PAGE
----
Indexed on: 01 May '08Published on: 01 May '08Published in: Current cardiology reviews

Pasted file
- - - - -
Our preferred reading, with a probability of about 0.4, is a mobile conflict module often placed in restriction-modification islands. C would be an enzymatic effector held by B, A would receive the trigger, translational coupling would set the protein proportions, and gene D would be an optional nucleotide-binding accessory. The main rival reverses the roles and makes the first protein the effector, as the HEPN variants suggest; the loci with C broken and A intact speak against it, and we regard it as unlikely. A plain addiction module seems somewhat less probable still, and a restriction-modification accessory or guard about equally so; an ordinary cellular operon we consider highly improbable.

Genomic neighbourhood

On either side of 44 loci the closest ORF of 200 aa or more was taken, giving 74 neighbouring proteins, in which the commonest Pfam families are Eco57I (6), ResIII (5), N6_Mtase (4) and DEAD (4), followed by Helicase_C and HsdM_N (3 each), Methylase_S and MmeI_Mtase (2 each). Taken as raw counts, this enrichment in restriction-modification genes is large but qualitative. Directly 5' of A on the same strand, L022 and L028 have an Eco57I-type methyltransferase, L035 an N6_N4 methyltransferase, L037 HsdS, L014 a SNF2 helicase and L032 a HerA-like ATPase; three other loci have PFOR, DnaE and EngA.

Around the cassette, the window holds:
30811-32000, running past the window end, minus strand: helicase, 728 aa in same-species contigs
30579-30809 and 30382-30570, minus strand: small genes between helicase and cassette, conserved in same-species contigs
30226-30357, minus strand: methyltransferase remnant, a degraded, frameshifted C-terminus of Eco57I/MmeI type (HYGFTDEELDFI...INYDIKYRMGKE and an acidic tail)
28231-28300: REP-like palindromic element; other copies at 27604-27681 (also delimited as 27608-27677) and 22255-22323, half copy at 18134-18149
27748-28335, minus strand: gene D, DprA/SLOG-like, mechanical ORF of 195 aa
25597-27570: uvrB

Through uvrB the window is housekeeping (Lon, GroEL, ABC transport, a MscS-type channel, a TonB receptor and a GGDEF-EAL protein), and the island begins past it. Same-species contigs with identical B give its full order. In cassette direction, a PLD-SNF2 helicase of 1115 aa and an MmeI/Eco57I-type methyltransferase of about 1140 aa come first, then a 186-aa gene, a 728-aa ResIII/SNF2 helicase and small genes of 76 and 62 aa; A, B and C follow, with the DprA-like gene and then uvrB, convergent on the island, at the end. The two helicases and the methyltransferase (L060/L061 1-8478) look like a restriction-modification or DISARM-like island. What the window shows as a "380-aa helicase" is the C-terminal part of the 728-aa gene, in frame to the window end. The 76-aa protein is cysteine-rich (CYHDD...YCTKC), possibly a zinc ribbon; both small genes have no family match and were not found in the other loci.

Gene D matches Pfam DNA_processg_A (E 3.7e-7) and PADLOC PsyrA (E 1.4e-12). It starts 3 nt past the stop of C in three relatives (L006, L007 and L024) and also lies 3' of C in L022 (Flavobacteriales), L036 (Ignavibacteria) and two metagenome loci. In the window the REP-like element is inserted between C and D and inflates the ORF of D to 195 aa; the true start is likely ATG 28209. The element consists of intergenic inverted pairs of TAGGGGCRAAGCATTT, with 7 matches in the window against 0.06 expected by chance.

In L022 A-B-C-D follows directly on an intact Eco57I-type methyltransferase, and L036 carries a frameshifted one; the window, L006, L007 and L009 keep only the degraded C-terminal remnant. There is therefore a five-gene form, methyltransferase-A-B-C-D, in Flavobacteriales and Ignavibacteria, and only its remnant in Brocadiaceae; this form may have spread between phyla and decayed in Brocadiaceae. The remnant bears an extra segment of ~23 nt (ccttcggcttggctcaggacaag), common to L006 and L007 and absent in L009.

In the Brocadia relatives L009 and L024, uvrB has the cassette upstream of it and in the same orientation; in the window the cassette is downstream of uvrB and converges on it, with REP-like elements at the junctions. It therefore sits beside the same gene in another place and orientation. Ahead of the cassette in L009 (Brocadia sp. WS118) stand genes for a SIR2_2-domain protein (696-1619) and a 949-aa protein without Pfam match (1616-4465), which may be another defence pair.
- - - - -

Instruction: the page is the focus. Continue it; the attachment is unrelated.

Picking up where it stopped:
Despite of vast improvements in treatment, myocardial infarction often leads to heart failure (HF) which remains the leading cause of death in developed countries. Other than heart transplantation, therapeutic options have a limited role in improving out comes in patients with severe HF. It is therefore no surprise that cardiac cell therapy has raised many hopes as a novel therapeutic approach aimed at cardiac myocyte replacement/regeneration termed "cellular cardiomyoplasty". However, the ideal source, cell type, critical cell number, and mode of application for optimal therapeutic effect have not been defined thus far. Recent observations of the beneficial effect of cell transplantation in animal experiments have generated tremendous excitement and stimulated clinical studies suggesting that this approach is feasible, safe, and potentially effective in humans. Cell-based myocardial regeneration is currently being explored for a wide range of cardiac disease states, including acute and chronic ischemic myocardial damage, cardiomyopathy and as biological heart pacemakers. The main purpose of this article is to review recent literature on the use of various cells for the examination of their in vitro cardiogenic potential and their in vivo capacity to engraft and improve the functional properties of the infarcted heart.